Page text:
The Purpose of Texas Turnover Statutes?
The Texas Turnover Statutes work in tandem with the more common post-judgment discovery devices like Interrogatories in Aid of Judgment, Writs of Execution and Writs of Garnishment. The statutes are part of the plan that is suppose to help you, the judgment creditor, gain access to your judgment debtor’s property. Cross, Kieschnick & Co. v. Johnston, 892 S.W.2d 435, 438 (Tex. App.-San Antonio 1994, no writ). Of course, you want the property so that you can apply it’s value toward payment of your judgment. You can find the actual statutes in §§31.002-.0025, 31.010 of the Texas Civil Practice & Remedies Code.
When You Should Seek Turnover Relief
A turnover proceeding is most useful in those situations where your judgment debtor owns property that you can’t easily seize by the more typical post-judgment procedures of execution or garnishment. So, you should definitely consider filing for turnover relief if you’ve already tried to seize your judgment debtor’s property with a writ of execution or a writ of garnishment. But, you don’t have to pursue any other post-judgment collection method before you apply for a turnover order. Hennigan v. Hennigan, 666 S.W.2d 322, 323 (Tex. App.-Houston [14th Dist.]), writ ref’d n.r.e. per curiam, 677 S.W.2d 495 (Tex. 1984). But, be aware that some courts may require you to get a writ of execution and have it returned nulla bona before considering an application for turnover relief.
Where You File for Turnover Relief
You can file a petition for turnover relief one of two places. First, you can file it in the same suit in which you obtained the judgment. Second, you can file it as a new and independent suit. If you choose to file for a turnover in the same suit in which you got the judgment, the court must have a hearing on your application for turnover relief. Anderson v. Lykes, 761 S.W.2d 831 (Tex. App.-Dallas 1988, no writ). If you choose to file a independent suit to seek turnover relief, you can file the suit in any court having jurisdiction of the subject matter of your case and jurisdiction over the defendant.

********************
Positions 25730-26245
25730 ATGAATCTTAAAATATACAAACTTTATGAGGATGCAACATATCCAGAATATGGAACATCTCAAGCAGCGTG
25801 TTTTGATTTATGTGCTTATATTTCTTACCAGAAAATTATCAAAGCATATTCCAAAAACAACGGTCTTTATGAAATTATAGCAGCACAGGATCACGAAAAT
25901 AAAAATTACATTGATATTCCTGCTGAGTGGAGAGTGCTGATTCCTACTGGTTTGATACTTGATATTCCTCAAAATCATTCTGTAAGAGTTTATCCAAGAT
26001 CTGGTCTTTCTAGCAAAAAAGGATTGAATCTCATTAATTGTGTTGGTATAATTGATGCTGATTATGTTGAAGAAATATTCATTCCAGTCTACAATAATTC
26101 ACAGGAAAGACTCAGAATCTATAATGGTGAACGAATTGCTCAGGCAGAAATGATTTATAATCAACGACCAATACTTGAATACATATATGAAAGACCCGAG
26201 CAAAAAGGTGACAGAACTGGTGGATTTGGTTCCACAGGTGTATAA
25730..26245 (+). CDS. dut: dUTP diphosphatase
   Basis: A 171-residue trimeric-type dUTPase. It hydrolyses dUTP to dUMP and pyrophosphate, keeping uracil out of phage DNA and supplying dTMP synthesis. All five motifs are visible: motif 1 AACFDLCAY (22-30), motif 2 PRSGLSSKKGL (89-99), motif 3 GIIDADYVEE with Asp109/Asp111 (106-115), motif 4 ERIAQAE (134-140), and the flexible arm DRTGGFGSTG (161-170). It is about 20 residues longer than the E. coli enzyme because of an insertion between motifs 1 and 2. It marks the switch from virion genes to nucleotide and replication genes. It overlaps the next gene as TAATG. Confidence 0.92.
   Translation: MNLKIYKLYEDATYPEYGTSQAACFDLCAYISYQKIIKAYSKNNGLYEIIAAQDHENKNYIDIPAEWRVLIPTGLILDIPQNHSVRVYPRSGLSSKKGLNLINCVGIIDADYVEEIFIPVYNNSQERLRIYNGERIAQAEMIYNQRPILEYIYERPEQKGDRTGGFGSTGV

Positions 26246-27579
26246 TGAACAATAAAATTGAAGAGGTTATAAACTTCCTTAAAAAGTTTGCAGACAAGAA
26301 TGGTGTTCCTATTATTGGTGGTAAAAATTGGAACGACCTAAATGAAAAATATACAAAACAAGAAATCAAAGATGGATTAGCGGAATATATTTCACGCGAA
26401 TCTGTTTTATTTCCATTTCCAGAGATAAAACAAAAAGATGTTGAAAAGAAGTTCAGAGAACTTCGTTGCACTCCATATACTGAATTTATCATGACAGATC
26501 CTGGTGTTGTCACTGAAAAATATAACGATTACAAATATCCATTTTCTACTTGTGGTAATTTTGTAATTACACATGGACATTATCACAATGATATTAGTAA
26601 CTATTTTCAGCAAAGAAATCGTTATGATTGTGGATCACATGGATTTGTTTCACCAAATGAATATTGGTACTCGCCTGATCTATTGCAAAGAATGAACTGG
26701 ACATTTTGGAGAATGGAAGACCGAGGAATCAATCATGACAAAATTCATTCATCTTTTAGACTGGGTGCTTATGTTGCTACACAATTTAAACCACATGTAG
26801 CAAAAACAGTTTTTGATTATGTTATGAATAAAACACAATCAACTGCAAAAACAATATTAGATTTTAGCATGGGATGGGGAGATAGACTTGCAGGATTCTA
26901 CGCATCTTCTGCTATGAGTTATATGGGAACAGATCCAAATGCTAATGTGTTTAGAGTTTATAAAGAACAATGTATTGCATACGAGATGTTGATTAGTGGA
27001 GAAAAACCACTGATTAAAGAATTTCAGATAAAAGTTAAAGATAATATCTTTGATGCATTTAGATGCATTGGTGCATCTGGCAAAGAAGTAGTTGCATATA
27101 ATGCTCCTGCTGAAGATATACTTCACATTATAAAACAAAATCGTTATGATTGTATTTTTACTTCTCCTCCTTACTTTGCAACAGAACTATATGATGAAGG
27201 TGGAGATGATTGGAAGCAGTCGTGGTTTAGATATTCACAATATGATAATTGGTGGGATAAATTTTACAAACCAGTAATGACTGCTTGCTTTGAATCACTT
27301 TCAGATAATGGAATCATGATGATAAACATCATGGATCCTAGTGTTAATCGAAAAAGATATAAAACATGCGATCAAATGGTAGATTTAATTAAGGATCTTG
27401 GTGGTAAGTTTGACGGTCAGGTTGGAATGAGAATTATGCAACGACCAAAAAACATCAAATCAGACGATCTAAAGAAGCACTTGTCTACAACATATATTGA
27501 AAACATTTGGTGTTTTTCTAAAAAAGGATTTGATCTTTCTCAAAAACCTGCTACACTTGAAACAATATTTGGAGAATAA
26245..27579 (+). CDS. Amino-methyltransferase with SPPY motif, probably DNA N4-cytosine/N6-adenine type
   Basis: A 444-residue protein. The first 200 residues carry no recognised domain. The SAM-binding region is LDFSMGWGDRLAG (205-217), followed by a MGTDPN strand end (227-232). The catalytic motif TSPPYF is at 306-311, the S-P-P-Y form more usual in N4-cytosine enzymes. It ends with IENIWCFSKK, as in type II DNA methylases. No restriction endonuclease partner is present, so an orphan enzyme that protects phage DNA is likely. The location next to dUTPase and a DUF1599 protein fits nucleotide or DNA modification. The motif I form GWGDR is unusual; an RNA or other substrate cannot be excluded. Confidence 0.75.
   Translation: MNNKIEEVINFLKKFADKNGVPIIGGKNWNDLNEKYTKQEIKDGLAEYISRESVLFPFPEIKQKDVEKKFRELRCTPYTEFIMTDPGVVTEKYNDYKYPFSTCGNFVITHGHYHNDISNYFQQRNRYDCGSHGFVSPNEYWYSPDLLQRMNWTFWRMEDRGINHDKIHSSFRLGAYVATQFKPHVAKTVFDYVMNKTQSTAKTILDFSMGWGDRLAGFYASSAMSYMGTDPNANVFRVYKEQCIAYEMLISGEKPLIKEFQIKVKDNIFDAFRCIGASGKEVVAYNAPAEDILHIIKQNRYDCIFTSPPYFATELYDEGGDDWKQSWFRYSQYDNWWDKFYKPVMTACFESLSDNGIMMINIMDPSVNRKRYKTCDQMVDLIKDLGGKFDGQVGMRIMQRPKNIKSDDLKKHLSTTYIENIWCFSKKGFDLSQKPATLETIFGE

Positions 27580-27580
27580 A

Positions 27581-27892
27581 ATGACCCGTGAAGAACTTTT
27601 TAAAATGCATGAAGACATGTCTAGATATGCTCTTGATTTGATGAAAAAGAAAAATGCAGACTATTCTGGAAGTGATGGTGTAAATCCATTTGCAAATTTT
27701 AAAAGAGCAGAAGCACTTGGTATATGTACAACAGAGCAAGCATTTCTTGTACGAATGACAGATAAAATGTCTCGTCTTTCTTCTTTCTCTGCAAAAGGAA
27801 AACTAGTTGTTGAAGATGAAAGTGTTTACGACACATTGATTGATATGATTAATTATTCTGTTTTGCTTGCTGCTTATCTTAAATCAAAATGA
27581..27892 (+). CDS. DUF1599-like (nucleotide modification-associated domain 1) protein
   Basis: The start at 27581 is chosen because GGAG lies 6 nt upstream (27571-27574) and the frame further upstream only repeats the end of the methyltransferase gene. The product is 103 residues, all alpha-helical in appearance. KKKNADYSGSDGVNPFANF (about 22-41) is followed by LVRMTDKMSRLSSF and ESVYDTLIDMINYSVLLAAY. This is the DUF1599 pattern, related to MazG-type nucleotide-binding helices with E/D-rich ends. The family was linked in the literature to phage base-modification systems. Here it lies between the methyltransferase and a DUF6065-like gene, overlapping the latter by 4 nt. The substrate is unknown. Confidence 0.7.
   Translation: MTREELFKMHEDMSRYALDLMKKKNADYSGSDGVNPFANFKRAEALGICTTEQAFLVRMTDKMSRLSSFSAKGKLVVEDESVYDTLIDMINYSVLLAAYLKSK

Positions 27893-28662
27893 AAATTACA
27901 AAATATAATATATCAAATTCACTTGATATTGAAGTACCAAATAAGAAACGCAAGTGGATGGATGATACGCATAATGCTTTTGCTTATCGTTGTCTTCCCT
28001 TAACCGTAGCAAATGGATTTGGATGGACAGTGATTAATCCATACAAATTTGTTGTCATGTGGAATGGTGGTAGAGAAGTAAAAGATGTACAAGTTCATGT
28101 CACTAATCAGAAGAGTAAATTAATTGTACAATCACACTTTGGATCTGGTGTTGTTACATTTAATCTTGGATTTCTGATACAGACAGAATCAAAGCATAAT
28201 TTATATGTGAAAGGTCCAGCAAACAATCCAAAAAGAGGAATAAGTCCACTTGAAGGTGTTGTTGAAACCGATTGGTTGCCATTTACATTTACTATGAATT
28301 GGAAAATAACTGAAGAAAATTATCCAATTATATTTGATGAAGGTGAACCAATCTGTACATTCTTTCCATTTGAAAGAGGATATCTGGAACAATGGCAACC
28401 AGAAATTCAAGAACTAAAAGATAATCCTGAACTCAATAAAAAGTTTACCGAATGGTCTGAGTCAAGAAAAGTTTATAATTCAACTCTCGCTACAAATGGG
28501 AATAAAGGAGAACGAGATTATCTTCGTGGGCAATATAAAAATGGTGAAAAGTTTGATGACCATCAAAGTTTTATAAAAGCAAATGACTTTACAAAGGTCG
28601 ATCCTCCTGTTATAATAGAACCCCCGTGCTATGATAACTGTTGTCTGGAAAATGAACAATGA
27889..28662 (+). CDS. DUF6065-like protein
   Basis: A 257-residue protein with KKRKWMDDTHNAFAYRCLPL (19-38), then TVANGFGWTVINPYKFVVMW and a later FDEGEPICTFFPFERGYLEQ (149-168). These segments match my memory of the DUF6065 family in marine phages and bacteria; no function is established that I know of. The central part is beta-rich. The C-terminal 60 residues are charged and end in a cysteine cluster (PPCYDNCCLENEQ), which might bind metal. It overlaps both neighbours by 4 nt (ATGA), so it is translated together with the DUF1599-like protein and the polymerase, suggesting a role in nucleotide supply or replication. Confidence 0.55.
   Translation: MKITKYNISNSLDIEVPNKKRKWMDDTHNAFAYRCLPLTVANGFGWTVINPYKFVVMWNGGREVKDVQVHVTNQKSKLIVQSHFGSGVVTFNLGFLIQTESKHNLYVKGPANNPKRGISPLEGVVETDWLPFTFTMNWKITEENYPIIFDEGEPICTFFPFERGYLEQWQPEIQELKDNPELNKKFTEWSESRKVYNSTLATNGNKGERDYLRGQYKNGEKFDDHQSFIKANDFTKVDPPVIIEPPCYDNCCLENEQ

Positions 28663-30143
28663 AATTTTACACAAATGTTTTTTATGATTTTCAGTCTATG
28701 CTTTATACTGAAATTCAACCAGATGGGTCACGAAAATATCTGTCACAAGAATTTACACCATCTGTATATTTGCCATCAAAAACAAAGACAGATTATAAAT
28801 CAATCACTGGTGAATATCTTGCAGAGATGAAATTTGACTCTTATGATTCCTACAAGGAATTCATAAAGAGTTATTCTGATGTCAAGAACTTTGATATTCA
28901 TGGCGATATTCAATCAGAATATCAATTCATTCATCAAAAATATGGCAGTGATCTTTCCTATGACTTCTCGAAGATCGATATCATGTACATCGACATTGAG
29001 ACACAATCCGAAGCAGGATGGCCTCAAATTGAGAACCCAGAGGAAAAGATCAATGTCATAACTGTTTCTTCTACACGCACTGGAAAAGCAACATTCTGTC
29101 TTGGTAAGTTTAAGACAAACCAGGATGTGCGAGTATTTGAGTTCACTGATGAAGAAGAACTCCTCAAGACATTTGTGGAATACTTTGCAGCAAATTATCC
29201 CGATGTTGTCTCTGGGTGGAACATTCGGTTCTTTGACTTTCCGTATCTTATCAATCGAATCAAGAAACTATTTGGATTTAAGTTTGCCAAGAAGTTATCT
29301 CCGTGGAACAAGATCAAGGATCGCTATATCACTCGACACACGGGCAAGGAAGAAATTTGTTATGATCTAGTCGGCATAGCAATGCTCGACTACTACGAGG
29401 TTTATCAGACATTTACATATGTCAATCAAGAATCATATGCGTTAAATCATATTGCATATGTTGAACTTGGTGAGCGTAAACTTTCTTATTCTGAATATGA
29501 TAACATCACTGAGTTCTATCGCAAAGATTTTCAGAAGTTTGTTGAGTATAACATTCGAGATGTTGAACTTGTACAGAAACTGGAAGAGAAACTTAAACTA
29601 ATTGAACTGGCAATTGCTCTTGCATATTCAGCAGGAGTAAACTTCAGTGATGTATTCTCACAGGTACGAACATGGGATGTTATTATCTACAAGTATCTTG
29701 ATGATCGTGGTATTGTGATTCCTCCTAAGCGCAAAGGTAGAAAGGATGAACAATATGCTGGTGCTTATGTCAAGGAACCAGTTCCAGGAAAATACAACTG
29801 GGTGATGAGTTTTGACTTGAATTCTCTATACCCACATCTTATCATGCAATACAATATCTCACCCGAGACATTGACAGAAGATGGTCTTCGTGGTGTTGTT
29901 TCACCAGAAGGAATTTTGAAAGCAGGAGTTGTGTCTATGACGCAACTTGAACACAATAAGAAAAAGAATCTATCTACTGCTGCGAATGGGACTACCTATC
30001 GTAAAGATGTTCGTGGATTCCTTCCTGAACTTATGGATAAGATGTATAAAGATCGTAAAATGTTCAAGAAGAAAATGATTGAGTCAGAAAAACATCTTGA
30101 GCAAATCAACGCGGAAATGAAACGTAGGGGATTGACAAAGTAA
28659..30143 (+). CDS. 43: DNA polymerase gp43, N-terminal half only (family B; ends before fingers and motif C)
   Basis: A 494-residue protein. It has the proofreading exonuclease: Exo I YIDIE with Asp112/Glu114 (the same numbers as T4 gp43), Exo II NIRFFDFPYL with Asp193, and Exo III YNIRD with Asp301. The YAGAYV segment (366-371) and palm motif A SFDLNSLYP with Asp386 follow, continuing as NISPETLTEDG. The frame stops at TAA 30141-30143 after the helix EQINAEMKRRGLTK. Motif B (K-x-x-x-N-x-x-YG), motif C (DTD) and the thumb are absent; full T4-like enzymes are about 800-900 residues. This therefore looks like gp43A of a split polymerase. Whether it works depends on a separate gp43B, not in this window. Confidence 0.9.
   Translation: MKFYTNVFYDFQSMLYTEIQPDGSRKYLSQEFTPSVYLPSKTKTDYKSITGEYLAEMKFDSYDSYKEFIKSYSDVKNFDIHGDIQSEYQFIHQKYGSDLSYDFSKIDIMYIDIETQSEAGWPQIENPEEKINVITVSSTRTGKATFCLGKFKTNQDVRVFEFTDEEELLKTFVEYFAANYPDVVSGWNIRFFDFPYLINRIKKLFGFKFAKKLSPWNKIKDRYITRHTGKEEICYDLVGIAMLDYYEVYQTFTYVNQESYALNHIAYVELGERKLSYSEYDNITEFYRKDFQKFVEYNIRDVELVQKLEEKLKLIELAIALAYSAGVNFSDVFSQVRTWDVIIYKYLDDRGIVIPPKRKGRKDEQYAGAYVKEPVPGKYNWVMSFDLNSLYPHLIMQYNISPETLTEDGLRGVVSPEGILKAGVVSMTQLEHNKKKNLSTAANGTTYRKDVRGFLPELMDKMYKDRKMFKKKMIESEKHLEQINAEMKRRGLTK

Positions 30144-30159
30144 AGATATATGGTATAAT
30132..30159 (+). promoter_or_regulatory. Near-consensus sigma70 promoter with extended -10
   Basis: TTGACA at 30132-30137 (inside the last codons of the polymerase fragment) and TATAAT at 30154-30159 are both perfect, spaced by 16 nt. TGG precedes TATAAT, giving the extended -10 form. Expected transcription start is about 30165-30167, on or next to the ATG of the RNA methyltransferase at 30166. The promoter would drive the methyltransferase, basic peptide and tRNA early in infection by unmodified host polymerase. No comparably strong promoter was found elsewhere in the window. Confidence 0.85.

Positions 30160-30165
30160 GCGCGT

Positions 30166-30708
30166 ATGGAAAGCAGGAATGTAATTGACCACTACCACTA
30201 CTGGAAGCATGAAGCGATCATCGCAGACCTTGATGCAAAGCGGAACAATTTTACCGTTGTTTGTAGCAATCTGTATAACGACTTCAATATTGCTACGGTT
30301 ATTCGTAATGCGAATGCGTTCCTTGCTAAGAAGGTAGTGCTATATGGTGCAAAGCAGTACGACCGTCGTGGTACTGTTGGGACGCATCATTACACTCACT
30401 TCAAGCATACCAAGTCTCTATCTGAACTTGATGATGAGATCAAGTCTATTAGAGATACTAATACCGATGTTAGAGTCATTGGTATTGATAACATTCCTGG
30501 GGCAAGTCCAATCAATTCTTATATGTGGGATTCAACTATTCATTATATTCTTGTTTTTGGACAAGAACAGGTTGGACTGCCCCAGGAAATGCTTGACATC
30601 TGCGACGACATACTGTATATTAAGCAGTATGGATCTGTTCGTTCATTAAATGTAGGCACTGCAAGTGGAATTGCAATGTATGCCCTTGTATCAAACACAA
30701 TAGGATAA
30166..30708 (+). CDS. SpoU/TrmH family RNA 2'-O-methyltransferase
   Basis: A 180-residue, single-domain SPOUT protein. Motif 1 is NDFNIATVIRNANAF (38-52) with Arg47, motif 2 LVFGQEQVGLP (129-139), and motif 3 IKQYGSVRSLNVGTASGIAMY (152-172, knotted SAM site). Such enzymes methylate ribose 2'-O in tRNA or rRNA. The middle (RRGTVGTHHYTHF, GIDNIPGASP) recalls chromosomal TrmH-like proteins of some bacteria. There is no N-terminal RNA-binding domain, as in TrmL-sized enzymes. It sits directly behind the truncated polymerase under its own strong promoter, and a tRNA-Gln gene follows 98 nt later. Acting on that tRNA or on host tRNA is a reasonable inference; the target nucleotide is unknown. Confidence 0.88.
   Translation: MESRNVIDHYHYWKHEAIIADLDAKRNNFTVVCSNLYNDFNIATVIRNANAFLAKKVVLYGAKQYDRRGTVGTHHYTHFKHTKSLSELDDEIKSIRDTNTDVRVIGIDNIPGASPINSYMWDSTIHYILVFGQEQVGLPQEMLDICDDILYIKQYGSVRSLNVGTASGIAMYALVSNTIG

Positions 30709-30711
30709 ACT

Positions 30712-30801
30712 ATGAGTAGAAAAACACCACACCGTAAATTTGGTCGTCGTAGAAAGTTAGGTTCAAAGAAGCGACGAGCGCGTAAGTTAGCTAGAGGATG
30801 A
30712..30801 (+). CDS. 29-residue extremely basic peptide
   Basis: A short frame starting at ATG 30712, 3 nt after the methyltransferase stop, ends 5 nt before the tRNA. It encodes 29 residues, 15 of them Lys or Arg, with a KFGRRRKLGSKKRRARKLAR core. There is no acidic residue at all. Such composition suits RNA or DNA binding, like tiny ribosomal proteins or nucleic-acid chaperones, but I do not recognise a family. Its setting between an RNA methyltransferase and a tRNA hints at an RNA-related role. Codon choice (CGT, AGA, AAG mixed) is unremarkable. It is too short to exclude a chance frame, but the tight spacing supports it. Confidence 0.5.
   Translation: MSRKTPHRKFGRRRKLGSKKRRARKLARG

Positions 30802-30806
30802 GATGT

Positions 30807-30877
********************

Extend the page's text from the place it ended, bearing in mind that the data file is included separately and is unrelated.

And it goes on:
In either a new suit or in the old suit, the court’s jurisdiction in a turnover proceeding is limited to nonexempt property of your judgment debtor that you can’t easily seize by another other post-judgment method. Tex. Civ. Prac. & Rem. Code §31.002(a); see Hennigan at 323; Pace v. McEwen, 617 S.W.2d 816, 819 (Tex. Civ. App.-Houston [14th Dist.] 1981, no writ).
Texas Turnover Statutes are a powerful weapon in your judgment collection arsenal. But, remember that turnover relief is just one weapon among many. It is effective in its own right. But, it’s doubly effective when used in conjunction with the more typical post-judgment collection methods of Interrogatories in Aid of Judgment, a Writ of Execution and a Writ of Garnishment.
Harvey L. Cox is a an attorney and certified mediator in Texas. He is the author of “How to Collect Your Own Judgment in Texas” and founder of The Texas Judgment Collection Center (http://www.TexasJudgmentCollection.com).
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